Streetcar Line

Veep, Veep: The Update

Cherchez la femme.

By 7.10.12

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Conventional wisdom now has Mitt Romney's vice presidential "short list" down to four names: Bobby Jindal, Paul Ryan, Rob Portman, and Tim Pawlenty. While none of them would turn off conservatives, only the first two would have any chance of actually exiting conservatives and motivating an all-out effort by grassroots activists, without which a Republican presidential candidate is highly unlikely to win.

In that light, let's assess the state of the field, and some further arguments on why certain choices would be far better than others.

First, Portman. Frankly, if he were from any state other than the fiercely contested Ohio, he would barely be on the list. The Obama team desperately wants again to run against the memory of the Bush presidency/presidencies -- and Portman is the only elected official in the country who is so largely the creation not just of one but of both Bush presidencies. That, plus his status as Ivy-League son of Ivy-League father (to join Romney's as governor-wanting-to-be-president son of a governor who wanted to be president), both of them wealthy, is hardly a good lure for the cultural-affinity blue-collar or hard-scrabble rural voters who can be prone to wish poxes on both houses and refuse to vote at all. Unless Romney's camp has internal polling showing a very significant boost for Romney in Ohio due to a Portman selection, its decision-makers would be well advised to stay away.

Speaking of Bushies, the latest buzz, largely driven by Bill Kristol both in print and (literally as I was typing the first paragraph of this column) on Fox News, is that Condoleezza Rice has a bigger chance than is commonly imagined. Well, Rice is a very impressive lady, who makes a great speech, is immensely likeable, and is culturally conservative in some very important ways. But she is associated not just hip-to-hip with the younger Bush, but with his most unpopular legacy of all, namely his wars in Iraq and Afghanistan. Worse, she just didn't do a good job under Bush: As National Security Advisor, she notoriously failed to successfully referee disputes between the departments of Defense and State; and as Secretary of State, she often went squishy. Finally, Romney has repeatedly promised to name a pro-lifer, but she describes herself as "mildly pro-choice."

Next up is the strange focus on Pawlenty. The Romney team is said to think Pawlenty's blue-collar background and some of his interactions with crowds will give him credibility and attractiveness to the slice of the electorate Pawlenty himself dubbed "Sam's Club Republicans." But where is the evidence? On TV, he comes across as a well-coifed, white-bread pol who says nothing memorable and little that is passionate. In Minnesota, he won two terms as governor, but both times with under 50 percent of the vote. Plus, unlike Portman, he showed that his (supposed) home-state popularity is utterly non-transferable: He campaigned hard during the primary season for Romney only to see Romney badly spanked in caucuses in the Land of 10,000 Lakes, even though Romney had won Minnesota four years earlier. There's a reason he bombed so badly in his own race for president: He's boring. If Romney were up significantly in the polls, boring-but-safe might be a good choice. But Romney is in a real battle. Pawlenty won't do much to help.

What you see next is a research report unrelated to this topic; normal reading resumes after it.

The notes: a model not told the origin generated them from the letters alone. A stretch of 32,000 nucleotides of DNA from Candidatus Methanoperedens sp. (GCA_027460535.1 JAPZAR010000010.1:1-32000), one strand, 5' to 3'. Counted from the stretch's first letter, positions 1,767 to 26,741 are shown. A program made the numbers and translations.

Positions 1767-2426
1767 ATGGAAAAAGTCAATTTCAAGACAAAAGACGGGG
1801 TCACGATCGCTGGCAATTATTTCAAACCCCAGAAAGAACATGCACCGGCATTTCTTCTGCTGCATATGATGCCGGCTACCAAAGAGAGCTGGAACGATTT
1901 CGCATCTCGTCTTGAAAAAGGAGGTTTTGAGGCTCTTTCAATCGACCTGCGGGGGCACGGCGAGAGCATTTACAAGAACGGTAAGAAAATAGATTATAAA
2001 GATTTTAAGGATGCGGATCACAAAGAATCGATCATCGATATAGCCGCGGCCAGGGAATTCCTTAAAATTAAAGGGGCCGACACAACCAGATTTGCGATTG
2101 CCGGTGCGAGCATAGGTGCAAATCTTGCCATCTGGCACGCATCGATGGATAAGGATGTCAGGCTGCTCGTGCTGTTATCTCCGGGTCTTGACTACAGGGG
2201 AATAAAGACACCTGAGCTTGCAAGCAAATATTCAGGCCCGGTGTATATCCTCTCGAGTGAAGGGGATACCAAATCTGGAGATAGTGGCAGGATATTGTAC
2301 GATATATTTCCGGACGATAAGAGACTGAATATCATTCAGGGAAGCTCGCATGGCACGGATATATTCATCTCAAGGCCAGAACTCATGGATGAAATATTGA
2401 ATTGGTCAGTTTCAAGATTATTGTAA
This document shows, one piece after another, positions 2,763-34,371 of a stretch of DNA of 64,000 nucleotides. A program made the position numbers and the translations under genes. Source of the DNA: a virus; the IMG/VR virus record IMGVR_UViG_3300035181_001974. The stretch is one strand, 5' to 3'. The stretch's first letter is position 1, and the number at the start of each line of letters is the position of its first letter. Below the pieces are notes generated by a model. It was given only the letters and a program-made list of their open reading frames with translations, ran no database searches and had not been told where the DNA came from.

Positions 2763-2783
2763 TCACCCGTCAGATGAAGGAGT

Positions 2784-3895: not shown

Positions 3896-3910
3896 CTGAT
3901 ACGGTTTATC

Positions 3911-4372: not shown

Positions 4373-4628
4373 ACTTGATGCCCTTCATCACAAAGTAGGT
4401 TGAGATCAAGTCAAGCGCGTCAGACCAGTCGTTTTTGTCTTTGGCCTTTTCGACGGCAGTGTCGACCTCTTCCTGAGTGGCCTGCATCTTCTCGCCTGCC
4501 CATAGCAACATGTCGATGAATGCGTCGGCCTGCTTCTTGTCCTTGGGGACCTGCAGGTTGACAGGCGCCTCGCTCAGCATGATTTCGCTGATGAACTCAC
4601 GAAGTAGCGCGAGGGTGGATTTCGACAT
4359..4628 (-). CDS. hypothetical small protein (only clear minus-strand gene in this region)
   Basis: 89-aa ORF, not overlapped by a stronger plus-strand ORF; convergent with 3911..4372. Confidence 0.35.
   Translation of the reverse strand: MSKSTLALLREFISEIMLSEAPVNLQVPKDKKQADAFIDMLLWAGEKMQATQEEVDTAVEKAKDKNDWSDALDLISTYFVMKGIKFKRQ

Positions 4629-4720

Much more worthy of consideration is Arizona's U.S. Sen. Jon Kyl, who also earned a mention from National Review's Ramesh Ponnuru. Kyl speaks more impressively -- with better intonation and cadence, better specificity, and better focus -- than Pawlenty. He has a longer record as a conservative; better strengths where Romney is less experienced (defense/foreign policy, law-and-justice); and, importantly, does not create the heir-apparent problem of depressing a conservative movement that wants one of its own in either 2016 or 2020 and who might chafe at the prospect of a lengthy Romney-Pawlenty regency.

Plus, politically he makes more sense than one would ordinarily think. This is a guy whose roots are in Iowa and in the inland West; he knows how to walk the right lines on Western issues. It may be surprising, but it's still true, that Romney can win a tie vote in the Electoral College, and eventually the presidency, merely by sweeping the south, plains, and inland West (without New Mexico), plus Alaska, without a single Rust-Belt state except for the traditionally more conservative Indiana. In other words, Romney could basically assign Kyl the job of heading up an Iowa-Colorado-Nevada effort while Romney focused his efforts on the Rust Belt and New Hampshire (and Virginia, if he's still worried about it). Kyl won't hurt anywhere, but he really could help nail down swing voters in the West and thus provide the ticket a key firewall. (In fact, if he could help Romney nab New Mexico as well, the firewall would create an Electoral majority, not just a tie.)